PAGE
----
Right now, in early spring, you may have noticed a crow or two fluttering their wings and making the classic “waaah, waaahhh” sound that roughly translates to “feed me, feed me”! Although it’s tempting to think these are young crows, it’s far too early in the breeding season for fledglings to be on the loose. So who are these juvie doppelgangers? Adult female crows.
Begging juveniles like this one won’t be roaming around the PNW until mid June and later.
During the nest building stage you may hear females making these sounds just while on the ground foraging with their mate or while perched near the nest like this female was. Why do they do it? It’s essentially a way to prime the pump and remind their mate that they’re going to need to be fed once they’re saddled to the nest and can’t forage as much for themselves. Once they are actively incubating, they’ll continue to beg only now it’s really a demand for the food they need and can’t get for themselves without risking their eggs getting too cool. Although males will take a turn on the nest, they do not have a formal brood patch and can’t do much more than temporarily keep the eggs insulated.
Although it’s tempting, hopefully now you won’t be fooled by this April trick!
A male returns to the nest with a bill-load of peanuts for his hungry mate.
I am constantly fascinated by the vocal repertoire of crows. They produce over 20 calls, but I would venture a guess that for most people (I being one of them) the vast majority of those sounds are too subtle to distinguish between. As I hear it, there are four majors “classes” of call that are easy to differentiate, even for a completely novice birder. Those are: The classic ‘caw’, the harsh ‘scold’, the female courting ‘rattle/knock’ call, and the juvenile begging sound. To make up the rest of the over 20 sounds, they use a combo of caws, clicks, coos, grunts and rattles. While more has been decoded than I offer here, there is still much that remains a mystery. Take for example their scold call.
Me, getting yelled at by a raven in Yellowstone that wanted a treat NOW!
Stimulus days featuring either our dead crow or our dead crow+the hawk consistently draw the largest number of birds. In fact based on last year’s data, the dead crow+hawk stimulus draws the greatest numbers of birds by a large margin. That’s not a huge surprise since hawks are a primary predator and responding very strongly to an obvious kill would provide a safety mechanism to the ‘neighborhood’. Needless to say, with few exception once the first bird comes across this scene it alarm calls (scolds) and either very quickly or over a few minutes will draw a crowd of 10-30 birds. It can certainly be more or less but somewhere in that range is most typical in my experience. Now, none of this is particularly interesting. What’s interesting is what happens the next day. As a reminder, all our stimulus trials feature one of the known dangers paired with a person. In the case of the dead crow+hawk this person is standing 2m away from the stuffed birds. In half my trials I send this person out the next day and in the other half they get sent out a week later. This is to test for any “guilty by association” inferences the birds are making about these people simply because they were near a known threat. To my elation I’ve found that many birds do indeed respond to these people when they see them in the future. While that’s certainly cool in and of itself, what makes it interesting from the perspective of their calls is that although their alarm call in this instance does not sound different to me, they almost never draw the crowds the initial stimulus day does. It’s almost as if the hawk or dead crow is a neighborhood problem but a dangerous person is only the territory holder’s problem. Is the caller advertising this distinction and intentionally not drawing in the other birds or are the others making that choice themselves? I have no idea. But there’s no arguing that there’s a level of complexity there worth investigating.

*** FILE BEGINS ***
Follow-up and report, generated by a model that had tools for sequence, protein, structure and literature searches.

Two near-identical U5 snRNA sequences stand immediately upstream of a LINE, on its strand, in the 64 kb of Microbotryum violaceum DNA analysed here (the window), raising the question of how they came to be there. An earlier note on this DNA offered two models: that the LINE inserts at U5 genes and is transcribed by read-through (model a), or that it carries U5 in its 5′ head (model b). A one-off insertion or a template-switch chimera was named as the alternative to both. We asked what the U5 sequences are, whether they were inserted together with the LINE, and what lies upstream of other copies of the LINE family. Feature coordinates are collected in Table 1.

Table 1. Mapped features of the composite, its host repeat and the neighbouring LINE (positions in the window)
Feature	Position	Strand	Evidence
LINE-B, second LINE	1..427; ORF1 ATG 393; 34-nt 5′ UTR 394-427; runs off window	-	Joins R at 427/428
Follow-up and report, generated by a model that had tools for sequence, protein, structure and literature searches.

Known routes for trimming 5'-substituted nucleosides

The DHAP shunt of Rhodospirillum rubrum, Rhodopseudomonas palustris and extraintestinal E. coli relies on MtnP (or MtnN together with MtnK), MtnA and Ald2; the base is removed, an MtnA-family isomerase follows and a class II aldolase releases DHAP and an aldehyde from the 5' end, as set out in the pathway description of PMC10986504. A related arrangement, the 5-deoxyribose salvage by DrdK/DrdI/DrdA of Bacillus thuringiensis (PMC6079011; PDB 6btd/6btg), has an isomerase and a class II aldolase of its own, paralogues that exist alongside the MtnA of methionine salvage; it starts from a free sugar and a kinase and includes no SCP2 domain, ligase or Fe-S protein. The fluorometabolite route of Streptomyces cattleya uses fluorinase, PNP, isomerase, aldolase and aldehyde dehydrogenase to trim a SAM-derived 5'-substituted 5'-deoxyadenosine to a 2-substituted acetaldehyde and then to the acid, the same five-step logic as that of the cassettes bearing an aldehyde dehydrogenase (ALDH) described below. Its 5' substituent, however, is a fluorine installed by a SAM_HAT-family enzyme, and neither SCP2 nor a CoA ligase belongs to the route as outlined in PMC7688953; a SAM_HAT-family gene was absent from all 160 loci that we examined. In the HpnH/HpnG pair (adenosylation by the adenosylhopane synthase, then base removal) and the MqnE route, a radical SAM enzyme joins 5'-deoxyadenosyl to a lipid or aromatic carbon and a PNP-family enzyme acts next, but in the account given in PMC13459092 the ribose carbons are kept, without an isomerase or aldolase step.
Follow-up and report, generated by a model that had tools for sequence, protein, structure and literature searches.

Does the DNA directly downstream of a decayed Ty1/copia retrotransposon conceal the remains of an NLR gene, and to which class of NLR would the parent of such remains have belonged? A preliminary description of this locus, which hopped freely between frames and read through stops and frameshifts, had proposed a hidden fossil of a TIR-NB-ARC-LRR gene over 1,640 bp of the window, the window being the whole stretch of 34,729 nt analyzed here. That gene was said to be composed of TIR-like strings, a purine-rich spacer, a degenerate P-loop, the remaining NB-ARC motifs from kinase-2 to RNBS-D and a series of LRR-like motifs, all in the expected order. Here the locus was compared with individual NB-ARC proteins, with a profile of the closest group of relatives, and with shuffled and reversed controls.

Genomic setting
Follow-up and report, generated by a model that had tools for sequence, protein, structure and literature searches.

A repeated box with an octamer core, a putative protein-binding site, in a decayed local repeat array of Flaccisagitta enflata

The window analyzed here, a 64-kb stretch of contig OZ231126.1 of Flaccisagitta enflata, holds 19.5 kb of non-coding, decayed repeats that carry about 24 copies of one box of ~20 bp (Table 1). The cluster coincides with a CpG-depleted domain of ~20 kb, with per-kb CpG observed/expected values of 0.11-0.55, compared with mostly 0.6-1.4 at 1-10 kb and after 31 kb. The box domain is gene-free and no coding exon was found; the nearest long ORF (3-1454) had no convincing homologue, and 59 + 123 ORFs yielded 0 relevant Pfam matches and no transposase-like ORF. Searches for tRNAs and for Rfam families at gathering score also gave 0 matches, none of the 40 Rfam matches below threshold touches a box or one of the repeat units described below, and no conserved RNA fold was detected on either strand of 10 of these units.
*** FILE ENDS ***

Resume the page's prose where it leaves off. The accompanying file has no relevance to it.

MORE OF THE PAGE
As for the story on my Jaws loving bird. This afternoon I was returning to a field site I had, just the previous day, tested the stimulus I described above on. While I was walking through the woods on my way there I noticed a shadow occasionally passing above me. Finally I saw my stalker: A crow who I can only assume had spotted me and was hoping I’d offer some food before we actually arrived at the now tainted feeding site. Once we arrived I threw my food out and, unsurprisingly, was not greeted by eager feeding. Instead the bird merely perched in the tree and stared wishfully at the food it was too nervous to eat. After a few minutes I started to hear an inexplicable noise. A very low duh-nuh. Duh-nuh. The field site is located on the edge of a residential street and at first I assumed it was some kids, maybe just playing or perhaps intentionally trying to mess with me. It was clearly the intro to the Jaws theme song. But the more I listened, I realized there were no kids around and the sound was coming from the wrong direction to be made my a person. With some careful watching I realized that, although I could not perceive it to be moving its bill, my perching crow bowed its head in perfect unison with the sound. It became clear it was the sound’s author. In all my time watching these birds I have never heard anything like it. Have you? You can listen to it here, but be warned it’s pretty quiet so turn your sound up.